No (wo)man is an island, but this one is a magnet of love. Her shoes are small, yet Elaine’s footprint is that of a human giant; a footprint followed by an entire community in Brighton and beyond. In June last year, overwhelmed by the lack of help for refugees arriving in the French and UK border, Elaine filled a Brighton street wall with flowers. ‘DON’T LOSE HOPE’ – the art piece read in glittery gold.
It wasn’t much but it’s what she could do at the time. She remembered the story of the Hummingbird. As the fire broke out in a forest, all animals fled for their lives. All but a little Hummingbird that kept picking up drops of water from the nearby stream and taking them back to the fire. ‘What the hell are you doing…‘ – other animals mocked the Hummingbird. ‘I am doing all that I can’ – the Hummingbird responded and continued going back and forth.
That’s how Elaine started, collecting donations from the community in Brighton and taking them to Calais. Back and forth. Six months later, she manages a community project that supports refugees in Calais and Dunkirk by giving shelter, medical attention, and – you guessed – HOPE! She called it The Hummingbird Project.
Working with Elaine in the camp is fun, even in dire conditions. She always finds something that will make you burst into laughter. I was made to walk in the rain like a human ad around the ‘Jungle’ in Calais, wearing a rain poncho she wanted to distribute. She kept pointing at me and asking refugees: ‘Do you want?’ – She cheekily omitted ‘one’. I burst into laughter. Elaine was in tears of laughter. Refugees laughed back. Ponchos were distributed.
It is no surprise that she has attracted a group of warm-hearted volunteers, all Hummingbirds. They have raised £27,000 to date and built hundreds of shelters in both Calais and Dunkirk; in Calais they have built a medical clinic run by nurses and doctors, and a safe space where vulnerable groups can seek support – especially unaccompanied minors! The Hummingbirds also run a tea kitchen that serves over 1200 hot drinks every weekend.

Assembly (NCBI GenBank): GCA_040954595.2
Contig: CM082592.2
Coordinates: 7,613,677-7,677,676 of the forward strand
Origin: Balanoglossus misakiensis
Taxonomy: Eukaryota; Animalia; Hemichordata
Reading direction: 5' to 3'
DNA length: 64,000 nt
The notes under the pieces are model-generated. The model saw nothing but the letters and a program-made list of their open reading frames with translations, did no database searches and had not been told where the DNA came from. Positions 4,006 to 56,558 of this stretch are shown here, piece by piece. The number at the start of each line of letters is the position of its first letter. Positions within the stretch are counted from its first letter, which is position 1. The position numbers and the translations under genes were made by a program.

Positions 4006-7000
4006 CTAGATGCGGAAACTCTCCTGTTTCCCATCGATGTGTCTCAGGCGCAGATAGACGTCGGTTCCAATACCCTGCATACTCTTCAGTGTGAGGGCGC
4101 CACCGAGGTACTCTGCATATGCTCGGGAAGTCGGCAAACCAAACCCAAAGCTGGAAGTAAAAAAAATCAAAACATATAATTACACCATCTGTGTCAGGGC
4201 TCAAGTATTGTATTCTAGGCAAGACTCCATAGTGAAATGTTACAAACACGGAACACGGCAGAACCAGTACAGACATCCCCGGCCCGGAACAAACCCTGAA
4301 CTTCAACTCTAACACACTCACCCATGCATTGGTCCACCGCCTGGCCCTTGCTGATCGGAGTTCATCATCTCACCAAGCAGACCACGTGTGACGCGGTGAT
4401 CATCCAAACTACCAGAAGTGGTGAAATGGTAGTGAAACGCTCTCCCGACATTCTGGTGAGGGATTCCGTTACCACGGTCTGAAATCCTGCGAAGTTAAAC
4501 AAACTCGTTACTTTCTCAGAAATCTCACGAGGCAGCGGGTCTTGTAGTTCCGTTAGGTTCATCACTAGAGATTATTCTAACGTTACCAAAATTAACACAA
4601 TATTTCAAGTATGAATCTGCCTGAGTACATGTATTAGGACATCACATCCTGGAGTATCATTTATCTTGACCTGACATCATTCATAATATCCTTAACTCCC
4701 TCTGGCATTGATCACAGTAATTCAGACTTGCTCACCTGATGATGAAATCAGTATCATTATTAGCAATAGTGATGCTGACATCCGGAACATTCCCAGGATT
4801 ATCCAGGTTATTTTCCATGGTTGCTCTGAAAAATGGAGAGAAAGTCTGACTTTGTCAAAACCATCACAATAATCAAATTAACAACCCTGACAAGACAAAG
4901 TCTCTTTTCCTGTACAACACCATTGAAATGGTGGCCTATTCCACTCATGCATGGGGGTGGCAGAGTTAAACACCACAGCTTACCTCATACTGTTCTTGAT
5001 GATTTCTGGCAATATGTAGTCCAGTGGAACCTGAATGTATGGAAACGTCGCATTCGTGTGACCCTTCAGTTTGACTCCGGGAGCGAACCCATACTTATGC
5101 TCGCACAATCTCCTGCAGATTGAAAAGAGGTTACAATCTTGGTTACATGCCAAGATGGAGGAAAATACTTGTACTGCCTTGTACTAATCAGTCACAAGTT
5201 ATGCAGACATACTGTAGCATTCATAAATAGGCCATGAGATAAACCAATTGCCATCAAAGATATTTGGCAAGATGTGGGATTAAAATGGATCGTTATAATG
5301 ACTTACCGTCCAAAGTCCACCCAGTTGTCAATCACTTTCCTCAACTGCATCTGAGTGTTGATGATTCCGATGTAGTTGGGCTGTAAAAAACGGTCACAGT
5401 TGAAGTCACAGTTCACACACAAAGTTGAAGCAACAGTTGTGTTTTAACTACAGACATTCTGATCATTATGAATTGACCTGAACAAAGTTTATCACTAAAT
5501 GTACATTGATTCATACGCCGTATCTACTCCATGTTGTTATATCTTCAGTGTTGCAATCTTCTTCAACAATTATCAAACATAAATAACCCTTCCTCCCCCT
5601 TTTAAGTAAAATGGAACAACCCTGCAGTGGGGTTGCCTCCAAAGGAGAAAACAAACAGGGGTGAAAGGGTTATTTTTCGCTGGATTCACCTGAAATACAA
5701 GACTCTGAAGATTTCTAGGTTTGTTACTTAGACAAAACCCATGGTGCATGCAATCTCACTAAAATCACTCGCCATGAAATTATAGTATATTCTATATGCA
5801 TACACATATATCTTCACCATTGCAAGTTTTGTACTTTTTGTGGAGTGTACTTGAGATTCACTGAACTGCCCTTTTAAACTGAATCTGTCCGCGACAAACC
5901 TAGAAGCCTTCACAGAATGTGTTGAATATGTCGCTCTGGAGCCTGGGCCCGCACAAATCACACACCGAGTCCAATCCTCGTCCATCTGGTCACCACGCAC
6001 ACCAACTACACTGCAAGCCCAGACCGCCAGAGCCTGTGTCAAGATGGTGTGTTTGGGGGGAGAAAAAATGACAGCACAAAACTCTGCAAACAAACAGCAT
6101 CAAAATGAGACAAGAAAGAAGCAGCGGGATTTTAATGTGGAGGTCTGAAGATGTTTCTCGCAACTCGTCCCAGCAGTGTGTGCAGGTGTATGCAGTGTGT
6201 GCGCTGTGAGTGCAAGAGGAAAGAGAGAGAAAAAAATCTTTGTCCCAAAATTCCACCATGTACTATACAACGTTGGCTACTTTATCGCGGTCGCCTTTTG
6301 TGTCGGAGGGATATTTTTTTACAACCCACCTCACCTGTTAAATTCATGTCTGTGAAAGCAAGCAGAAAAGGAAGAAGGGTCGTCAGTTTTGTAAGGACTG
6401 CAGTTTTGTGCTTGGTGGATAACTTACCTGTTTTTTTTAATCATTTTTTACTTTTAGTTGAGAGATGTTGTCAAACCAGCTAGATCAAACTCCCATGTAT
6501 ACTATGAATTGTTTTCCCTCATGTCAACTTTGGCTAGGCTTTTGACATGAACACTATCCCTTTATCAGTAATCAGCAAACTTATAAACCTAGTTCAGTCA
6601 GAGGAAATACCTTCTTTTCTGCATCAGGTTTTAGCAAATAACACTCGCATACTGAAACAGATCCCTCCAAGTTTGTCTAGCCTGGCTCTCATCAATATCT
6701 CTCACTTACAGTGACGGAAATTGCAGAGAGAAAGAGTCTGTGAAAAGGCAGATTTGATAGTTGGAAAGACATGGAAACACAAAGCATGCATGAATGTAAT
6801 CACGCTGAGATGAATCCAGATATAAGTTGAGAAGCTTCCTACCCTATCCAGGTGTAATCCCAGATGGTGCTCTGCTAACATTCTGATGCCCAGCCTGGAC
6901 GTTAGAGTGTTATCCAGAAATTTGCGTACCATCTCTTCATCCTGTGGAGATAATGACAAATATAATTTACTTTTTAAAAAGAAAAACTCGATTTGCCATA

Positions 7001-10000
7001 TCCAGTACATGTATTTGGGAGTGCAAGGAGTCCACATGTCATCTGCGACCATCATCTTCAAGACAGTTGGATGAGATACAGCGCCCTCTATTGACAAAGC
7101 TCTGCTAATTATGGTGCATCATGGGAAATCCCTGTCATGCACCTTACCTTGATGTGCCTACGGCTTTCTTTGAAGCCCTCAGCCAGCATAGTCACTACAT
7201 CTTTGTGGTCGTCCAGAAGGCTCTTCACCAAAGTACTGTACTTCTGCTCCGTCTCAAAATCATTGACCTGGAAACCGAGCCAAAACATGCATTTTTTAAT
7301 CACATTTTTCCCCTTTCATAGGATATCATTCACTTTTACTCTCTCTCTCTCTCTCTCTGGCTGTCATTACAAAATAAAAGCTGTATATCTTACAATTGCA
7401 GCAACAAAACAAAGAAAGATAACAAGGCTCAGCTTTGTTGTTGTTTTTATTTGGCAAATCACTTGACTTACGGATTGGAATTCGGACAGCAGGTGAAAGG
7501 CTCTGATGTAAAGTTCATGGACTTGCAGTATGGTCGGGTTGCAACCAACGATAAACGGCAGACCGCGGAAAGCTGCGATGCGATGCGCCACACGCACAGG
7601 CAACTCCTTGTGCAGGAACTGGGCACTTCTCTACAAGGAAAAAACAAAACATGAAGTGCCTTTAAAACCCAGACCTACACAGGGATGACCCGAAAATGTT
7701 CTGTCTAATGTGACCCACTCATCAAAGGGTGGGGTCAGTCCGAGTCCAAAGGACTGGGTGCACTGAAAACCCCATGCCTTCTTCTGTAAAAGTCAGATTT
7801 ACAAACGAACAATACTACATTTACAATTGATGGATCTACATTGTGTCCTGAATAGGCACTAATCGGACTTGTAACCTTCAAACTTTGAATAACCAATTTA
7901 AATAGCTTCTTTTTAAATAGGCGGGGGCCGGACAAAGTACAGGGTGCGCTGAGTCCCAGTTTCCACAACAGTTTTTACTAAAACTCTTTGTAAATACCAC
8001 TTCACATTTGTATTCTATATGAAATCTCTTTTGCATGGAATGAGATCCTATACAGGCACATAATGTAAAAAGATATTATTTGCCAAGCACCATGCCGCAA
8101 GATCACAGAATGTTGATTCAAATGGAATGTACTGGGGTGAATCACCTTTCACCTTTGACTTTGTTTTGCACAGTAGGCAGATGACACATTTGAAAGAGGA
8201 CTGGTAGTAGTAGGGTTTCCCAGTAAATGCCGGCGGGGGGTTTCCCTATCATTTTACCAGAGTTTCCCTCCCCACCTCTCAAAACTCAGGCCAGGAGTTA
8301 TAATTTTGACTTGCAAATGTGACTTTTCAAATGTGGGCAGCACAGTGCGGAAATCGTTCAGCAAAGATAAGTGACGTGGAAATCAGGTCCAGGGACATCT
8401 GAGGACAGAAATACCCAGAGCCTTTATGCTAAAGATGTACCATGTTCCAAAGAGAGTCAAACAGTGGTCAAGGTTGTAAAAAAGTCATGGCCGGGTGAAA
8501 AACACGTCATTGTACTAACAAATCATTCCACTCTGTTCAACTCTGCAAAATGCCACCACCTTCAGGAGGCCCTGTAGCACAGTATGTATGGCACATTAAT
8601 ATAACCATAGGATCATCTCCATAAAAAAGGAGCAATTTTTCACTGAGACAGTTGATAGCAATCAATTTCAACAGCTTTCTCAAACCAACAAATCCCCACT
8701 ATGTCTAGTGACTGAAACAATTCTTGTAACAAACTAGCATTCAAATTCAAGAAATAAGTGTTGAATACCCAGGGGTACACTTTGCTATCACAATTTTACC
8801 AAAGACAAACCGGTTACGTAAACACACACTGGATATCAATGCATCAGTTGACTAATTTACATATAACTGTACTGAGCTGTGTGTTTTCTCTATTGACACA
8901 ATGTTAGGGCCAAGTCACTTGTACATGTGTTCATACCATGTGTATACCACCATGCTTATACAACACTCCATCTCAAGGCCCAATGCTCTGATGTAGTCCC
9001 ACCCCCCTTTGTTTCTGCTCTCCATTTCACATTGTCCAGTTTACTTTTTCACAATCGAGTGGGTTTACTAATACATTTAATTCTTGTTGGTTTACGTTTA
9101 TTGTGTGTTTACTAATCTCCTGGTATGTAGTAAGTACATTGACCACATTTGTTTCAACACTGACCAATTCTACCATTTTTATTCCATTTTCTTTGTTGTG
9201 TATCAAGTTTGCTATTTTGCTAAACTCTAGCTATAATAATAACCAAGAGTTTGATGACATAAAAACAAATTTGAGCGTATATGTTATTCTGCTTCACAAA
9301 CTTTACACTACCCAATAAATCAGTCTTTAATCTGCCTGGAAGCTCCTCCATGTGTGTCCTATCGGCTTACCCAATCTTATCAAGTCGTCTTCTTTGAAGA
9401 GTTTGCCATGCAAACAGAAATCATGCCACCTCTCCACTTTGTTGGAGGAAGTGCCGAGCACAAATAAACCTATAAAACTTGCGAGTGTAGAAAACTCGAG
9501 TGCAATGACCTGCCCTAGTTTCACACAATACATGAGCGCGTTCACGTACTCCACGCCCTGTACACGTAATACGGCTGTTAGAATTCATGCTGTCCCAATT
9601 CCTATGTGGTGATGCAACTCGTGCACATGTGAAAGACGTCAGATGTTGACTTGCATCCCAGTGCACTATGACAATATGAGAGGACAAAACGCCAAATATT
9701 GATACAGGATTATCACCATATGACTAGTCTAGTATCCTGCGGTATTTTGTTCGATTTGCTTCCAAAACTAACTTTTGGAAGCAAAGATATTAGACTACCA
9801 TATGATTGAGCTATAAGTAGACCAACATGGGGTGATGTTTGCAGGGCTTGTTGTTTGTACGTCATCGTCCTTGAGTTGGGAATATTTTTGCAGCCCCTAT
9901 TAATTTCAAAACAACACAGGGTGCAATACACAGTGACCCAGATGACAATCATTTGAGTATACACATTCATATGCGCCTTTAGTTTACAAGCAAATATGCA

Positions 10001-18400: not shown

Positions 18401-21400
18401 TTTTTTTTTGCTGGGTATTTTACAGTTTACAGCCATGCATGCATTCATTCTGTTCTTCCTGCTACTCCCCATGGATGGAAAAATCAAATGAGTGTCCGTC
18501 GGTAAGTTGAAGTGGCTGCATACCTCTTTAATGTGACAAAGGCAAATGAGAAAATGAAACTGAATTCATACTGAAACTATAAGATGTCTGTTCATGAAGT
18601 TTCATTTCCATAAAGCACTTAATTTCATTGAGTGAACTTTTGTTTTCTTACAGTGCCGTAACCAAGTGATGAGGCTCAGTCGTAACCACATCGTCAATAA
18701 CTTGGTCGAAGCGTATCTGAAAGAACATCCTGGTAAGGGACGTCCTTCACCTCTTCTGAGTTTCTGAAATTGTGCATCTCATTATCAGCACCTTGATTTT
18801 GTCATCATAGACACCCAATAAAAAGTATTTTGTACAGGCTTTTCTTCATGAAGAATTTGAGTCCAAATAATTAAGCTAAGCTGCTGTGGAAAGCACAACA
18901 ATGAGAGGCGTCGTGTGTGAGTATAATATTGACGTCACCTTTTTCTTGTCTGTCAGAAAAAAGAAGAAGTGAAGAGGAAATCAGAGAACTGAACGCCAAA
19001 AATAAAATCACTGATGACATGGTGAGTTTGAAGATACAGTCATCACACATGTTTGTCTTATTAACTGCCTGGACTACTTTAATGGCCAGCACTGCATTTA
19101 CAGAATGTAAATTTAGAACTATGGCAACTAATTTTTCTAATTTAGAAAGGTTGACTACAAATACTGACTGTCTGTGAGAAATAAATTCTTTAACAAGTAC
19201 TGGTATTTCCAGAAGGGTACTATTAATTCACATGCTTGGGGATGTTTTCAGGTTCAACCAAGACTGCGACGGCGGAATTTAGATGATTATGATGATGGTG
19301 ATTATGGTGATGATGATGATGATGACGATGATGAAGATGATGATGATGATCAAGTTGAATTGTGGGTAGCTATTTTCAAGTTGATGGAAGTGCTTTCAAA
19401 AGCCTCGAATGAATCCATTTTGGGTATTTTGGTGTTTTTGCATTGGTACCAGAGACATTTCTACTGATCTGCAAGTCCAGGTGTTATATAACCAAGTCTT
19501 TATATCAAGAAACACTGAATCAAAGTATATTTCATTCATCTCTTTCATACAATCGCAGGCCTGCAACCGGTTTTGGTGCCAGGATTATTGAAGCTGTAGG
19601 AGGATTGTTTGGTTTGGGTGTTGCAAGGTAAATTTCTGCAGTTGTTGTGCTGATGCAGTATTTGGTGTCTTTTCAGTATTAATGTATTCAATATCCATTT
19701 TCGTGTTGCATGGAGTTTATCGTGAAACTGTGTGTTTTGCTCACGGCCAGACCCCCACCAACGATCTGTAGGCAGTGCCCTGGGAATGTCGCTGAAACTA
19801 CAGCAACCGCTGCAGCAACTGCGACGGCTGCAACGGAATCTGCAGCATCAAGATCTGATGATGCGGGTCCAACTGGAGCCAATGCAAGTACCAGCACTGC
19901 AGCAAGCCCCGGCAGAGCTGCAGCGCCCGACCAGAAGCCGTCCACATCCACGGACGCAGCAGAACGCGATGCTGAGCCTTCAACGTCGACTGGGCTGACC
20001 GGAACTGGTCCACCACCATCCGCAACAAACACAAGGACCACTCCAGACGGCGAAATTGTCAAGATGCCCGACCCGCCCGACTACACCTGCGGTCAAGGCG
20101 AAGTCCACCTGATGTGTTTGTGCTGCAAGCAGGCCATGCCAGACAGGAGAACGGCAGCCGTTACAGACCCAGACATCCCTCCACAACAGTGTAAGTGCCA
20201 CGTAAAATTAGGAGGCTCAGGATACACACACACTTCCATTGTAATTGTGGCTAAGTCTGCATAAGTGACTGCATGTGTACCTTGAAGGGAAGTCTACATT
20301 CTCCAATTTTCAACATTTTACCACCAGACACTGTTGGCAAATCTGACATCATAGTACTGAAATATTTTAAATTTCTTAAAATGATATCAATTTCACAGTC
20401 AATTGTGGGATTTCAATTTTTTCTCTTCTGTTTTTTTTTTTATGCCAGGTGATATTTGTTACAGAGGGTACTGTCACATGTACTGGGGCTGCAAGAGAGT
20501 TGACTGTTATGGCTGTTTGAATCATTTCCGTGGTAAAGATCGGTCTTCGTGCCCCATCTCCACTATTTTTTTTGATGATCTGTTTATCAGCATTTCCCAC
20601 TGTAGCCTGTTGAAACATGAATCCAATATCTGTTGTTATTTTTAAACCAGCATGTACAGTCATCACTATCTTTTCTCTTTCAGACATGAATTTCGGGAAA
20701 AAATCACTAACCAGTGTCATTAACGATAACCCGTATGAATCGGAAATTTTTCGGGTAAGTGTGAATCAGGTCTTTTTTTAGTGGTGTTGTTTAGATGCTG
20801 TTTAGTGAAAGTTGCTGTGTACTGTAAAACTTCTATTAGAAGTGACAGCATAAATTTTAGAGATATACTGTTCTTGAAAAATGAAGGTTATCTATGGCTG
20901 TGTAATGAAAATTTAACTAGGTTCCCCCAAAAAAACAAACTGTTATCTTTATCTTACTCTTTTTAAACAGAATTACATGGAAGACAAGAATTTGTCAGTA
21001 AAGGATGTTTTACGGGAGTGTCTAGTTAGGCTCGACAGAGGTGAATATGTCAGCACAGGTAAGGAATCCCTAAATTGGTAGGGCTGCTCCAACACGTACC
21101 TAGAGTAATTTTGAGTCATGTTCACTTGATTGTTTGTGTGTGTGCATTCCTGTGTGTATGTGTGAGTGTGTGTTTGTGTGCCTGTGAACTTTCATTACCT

As the conditions in the camp deteriorate, Elaine still has hope. Hope that European institutions will rise to the challenge. Hope that the UK government will do something about hundreds of unaccompanied minors in the camps. Hope that the French local authorities will not bulldoze the camp, displacing vulnerable communities.
But today, the French court ruled the clearing of the south part of the ‘Jungle’. When the news reached the Hummingbird safe space in Calais, Elaine and her team were supporting a twenty year old man who trusted them enough to talk about what he had been through before arriving in the camp. His sister murdered, then fleeing his country, then hard times that followed…until he got a shelter in the camp. Hearing about the news of eviction, the man broke down into tears and gripped on to Elaine.
Eviction plan says there are 1,000 people in the area that the prefecture is planning to demolish. But a population survey carried out by L’Auberge (a French charity working in the Jungle) shows the figure is actually over 3000. Containers offered as alternative sheltering are almost full and can only house a few hundred at most.
It’s not just about space though. It’s about communities that people and volunteers have built with whatever little they had: a church, a mosque, a theatre, kitchens and shops. Most will be demolished, the Hummingbird medical clinic and safe space included.
Elaine knew the eviction could happen, but just like many volunteers working in Calais, she HOPED humanity would prevail. Devastating as the news is, she does not give up: ‘We will support communities through the eviction. Then we will go mobile!‘
Being in Their Shoes, is an understatement. Keep on Humming, Elaine! The world will hum with you.
To keep Elaine and the Hummingbirds going please donate to the Hummingbird Mobile Medical Clinic that will travel wherever communities are displaced. Let’s #KeepOnHumming!
Be In Their Shoes © Jeta B 2016